pin 1 is actually pin 0) you would simply use
toggle_pin(0, 1). Note that the
variable uses 0 for off and 1 for on in this function.
We'll break down how the function works.
Outside our function, we import the
explorerhat library and define our
toggle_pin function takes two variables -
state - that define the pin
we want to toggle and whether to toggle it off or on (0 or 1 respectively).
Remember that the pull-up resistors reverse what is happening with the output pins, so when it says on in the function, that's actually off and vice versa.
We toggle the storage register clock pin,
rclk, off to begin with
Then for each output pin,
for p in range(8):, we first toggle the shift register
srclk, off with
Then we check whether it's the pin we want to
toggle on or off with
if p == pin:. If it is, we check whether to toggle it on
if state == 1: and switch the serial pin,
ser, on with
we switch it off with
We toggle the shift register clock,
We then go through the remainder of the eight pins, doing the same as we did above - toggling the shift register clock off, checking whether it's the pin we want to toggle on or off and then toggling the serial pin accordingly, and toggling the shift register clock on each time.
Finally, we toggle the storage register clock pin,
rclk, on, to shift out all of the
bits we stored.
So, that's how the basic function to toggle a single output pin on or off works. Obviously, if we wanted to toggle several pins simultaneously, this function wouldn't do, because if we toggle one pin on, it assumes we want to toggle all of the others off.
To toggle all of the pins on or off, we'd just have the same function, with the
for p in range(8): loop, but exclude the
if p == pin: and
else, as follows:
def toggle_all(self, state): rclk.on() for p in range(8): srclk.on() if state == 1: ser.off() else: ser.on() srclk.off() rclk.off()
In the Explorer HAT pro Python plugins module that I've written, there's a
class that can be used to control the shift register with a number of methods of the
class (they're just functions that belong to the class). This allows us to create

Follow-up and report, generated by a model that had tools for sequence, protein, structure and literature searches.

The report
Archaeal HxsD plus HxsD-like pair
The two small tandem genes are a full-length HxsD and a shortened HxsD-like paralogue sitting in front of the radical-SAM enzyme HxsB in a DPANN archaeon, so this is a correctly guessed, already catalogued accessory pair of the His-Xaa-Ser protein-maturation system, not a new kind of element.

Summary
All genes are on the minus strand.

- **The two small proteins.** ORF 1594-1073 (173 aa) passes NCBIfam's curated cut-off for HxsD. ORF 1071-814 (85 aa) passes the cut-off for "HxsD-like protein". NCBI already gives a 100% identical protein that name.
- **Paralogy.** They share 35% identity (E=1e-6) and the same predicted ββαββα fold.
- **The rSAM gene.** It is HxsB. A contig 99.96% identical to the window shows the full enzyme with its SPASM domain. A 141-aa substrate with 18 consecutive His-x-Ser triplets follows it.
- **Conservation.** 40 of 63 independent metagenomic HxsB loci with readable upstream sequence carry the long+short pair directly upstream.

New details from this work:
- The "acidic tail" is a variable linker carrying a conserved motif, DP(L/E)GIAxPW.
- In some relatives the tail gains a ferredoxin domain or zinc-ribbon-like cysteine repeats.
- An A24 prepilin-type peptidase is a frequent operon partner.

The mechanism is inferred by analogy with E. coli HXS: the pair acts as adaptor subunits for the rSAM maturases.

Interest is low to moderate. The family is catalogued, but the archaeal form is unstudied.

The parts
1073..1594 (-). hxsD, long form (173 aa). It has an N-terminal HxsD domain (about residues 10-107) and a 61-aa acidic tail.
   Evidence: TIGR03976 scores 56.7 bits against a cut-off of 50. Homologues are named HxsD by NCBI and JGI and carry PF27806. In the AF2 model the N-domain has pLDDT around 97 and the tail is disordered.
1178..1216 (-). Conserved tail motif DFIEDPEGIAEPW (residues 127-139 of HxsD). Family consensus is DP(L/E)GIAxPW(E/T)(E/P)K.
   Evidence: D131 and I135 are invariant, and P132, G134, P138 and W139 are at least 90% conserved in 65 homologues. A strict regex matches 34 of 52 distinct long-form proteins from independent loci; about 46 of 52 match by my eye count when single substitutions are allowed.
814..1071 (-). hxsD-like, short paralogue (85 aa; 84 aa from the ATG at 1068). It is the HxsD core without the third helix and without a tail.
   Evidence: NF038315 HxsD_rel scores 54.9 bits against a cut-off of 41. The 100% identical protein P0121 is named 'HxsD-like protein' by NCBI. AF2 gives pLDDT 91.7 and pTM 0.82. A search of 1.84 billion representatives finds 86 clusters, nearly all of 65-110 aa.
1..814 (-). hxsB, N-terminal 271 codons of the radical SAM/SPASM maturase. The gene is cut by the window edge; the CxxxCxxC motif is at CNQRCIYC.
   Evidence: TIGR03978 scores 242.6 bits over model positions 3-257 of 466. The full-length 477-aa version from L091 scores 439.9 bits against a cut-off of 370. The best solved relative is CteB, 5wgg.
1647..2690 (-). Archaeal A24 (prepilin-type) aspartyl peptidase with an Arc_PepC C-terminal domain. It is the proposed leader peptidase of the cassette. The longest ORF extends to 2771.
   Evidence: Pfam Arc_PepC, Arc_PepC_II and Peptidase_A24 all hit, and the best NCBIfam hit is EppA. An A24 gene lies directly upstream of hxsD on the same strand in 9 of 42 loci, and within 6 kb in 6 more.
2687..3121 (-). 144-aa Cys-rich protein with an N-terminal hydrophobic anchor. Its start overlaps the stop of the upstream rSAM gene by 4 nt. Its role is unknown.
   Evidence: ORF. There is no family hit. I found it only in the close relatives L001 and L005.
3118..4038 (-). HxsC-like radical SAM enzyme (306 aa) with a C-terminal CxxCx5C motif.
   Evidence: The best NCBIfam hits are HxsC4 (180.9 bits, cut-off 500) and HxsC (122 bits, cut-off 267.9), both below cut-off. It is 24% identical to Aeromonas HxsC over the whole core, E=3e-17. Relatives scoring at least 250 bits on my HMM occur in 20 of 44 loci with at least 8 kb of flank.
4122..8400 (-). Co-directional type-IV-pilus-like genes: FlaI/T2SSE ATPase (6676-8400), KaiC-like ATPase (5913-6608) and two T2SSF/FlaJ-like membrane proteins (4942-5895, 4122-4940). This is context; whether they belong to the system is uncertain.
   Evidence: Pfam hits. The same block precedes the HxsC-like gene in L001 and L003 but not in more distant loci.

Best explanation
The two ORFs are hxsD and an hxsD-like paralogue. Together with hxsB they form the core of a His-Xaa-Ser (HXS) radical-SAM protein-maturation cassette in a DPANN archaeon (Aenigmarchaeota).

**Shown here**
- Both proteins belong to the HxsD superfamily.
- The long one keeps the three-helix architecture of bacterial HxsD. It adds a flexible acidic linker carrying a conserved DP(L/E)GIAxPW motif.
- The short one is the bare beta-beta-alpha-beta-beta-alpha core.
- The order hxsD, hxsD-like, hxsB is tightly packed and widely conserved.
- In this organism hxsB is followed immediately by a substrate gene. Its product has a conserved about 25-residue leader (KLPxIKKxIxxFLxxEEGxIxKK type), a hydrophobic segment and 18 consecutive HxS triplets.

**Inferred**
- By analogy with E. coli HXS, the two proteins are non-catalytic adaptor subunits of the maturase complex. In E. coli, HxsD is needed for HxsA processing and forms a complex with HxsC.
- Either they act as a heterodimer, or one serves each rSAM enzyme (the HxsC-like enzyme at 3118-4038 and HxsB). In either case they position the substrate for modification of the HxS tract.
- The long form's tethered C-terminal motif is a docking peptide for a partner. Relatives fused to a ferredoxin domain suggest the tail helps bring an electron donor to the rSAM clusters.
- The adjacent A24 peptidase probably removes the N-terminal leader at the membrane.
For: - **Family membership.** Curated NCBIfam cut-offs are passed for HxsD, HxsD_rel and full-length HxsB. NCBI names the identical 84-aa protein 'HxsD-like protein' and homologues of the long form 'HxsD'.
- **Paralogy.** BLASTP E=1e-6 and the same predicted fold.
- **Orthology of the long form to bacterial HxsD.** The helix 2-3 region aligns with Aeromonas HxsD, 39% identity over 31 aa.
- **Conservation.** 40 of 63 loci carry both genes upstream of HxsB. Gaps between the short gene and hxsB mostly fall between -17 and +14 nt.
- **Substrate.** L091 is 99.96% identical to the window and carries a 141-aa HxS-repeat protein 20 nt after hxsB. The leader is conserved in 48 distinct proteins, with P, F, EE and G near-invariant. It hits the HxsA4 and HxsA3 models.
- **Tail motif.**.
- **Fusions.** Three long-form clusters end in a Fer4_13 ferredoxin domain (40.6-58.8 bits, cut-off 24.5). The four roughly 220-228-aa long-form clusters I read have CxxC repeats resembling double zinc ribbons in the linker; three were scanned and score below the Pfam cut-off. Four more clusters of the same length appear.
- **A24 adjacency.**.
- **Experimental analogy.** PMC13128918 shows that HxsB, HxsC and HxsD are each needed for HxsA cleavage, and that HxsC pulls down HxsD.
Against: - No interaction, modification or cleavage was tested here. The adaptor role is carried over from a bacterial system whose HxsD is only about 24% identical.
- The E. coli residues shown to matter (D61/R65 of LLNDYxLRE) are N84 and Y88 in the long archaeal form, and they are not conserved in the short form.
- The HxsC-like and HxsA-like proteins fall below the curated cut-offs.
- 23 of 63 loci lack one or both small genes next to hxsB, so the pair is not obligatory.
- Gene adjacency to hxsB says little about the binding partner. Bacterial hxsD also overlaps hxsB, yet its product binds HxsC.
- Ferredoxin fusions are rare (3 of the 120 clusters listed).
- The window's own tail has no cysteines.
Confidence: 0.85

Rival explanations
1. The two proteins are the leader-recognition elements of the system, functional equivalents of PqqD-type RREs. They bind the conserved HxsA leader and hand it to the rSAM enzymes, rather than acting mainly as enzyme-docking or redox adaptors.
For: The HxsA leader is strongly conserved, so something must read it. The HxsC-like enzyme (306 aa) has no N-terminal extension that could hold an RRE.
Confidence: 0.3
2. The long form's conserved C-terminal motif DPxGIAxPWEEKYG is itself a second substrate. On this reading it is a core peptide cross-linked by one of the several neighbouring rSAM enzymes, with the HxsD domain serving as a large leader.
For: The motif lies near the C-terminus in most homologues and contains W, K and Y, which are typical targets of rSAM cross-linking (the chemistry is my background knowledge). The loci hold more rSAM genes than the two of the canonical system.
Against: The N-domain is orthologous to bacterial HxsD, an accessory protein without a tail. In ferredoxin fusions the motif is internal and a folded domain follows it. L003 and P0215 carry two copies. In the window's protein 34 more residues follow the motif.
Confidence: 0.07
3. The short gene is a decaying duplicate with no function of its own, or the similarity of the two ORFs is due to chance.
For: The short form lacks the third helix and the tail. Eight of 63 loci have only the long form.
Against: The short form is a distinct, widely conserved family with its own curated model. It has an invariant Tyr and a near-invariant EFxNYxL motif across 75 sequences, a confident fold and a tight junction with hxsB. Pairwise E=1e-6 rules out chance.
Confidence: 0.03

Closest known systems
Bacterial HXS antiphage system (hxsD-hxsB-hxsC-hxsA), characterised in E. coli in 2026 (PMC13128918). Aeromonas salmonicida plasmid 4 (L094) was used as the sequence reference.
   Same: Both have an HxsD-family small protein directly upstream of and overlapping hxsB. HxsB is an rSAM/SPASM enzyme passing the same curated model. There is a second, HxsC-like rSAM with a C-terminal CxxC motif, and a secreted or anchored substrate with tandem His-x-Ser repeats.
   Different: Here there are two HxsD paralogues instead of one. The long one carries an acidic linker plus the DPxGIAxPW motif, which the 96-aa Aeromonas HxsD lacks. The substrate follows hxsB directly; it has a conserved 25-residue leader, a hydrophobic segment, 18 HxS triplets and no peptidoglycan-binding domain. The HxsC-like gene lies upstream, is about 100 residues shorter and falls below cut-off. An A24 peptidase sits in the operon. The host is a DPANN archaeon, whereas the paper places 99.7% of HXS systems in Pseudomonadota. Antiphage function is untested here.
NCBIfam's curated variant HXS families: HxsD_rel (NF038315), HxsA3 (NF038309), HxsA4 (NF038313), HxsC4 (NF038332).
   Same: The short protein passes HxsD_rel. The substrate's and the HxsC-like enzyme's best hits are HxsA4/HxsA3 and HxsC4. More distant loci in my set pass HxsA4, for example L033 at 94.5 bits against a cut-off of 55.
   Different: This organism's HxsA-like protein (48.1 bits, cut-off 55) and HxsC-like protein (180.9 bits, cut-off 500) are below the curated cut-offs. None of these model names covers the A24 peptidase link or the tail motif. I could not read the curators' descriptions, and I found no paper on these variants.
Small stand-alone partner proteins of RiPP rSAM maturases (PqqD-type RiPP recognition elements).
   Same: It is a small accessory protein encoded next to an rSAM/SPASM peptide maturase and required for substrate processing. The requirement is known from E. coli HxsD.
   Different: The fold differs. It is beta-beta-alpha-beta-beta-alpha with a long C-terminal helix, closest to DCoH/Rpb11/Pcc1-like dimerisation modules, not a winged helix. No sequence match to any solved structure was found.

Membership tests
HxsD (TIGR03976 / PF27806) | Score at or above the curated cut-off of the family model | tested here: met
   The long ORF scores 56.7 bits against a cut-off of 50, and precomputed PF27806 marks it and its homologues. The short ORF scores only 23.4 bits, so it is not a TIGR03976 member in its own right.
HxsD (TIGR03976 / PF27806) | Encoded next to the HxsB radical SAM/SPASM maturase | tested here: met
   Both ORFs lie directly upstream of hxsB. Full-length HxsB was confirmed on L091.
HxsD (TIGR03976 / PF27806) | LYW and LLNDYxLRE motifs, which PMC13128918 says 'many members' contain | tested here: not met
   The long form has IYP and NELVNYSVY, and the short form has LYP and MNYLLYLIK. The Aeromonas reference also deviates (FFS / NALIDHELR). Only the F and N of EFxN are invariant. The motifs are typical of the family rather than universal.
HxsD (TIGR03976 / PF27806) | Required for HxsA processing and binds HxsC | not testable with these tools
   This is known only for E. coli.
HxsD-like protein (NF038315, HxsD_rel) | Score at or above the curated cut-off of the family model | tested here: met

objects assigned to a variable, e.g.
shiftreg = plugins.ShiftRegister(), and then
run the methods within the class, like the demo method, with
Here's the full list of methods available so far in the
shiftreg.toggle_pin() # Toggle a single pin shiftreg.toggle_all() # Toggle all of the pins shiftreg.toggle_odd() # Toggle the odd numbered pins shiftreg.toggle_even() # Toggle the even numbered pins shiftreg.chase() # Toggle all the pins sequentially in one direction shiftreg.scan() # Toggle all the pins sequentially back and forth shiftreg.demo() # Runs all of the above
It's simple to add your own method to the
ShiftRegister class. You just need to
remember a few things. First, it needs to be within the
ShiftRegister class, i.e.
indented a level further in than the first line of the class, where it says
class ShiftRegister:. Next, it looks just like a normal Python function, in that
it begins with
def method_name():, except that you must always pass
self as the
first argument like so:
def method_name(self, arg1, arg2):. You need to pass
even if you're not passing any other arguments in, as I have in the previous example.
As long as you follow the pattern I showed above to set the pins - toggle the storage register clock off then for each pin, toggle the shift register clock off, the serial pin on or off and the shift register clock on, and finally toggle the storage register clock back on - then the world is your lobster (or oyster, or whatever)!
It's possible to daisy-chain the 8-bit shift register chips together to drive even more LEDs from the same 3 output pins. You'd just connect up the last output pin of one chip to the serial input pin of the second chip and connect up the other two input pins, the storage register clock and the shift register clock, from the two chips, so that they switch on and off at the same time.
I won't show you how to do that here, and you'd have to modify the code to do it, but I encourage you to give it a try!
Need something for this project? You can use the links below to add products to your Pimoroni Shop basket for easy checkout.
Explorer HAT Pro
Explorer HAT Pro Parts Kit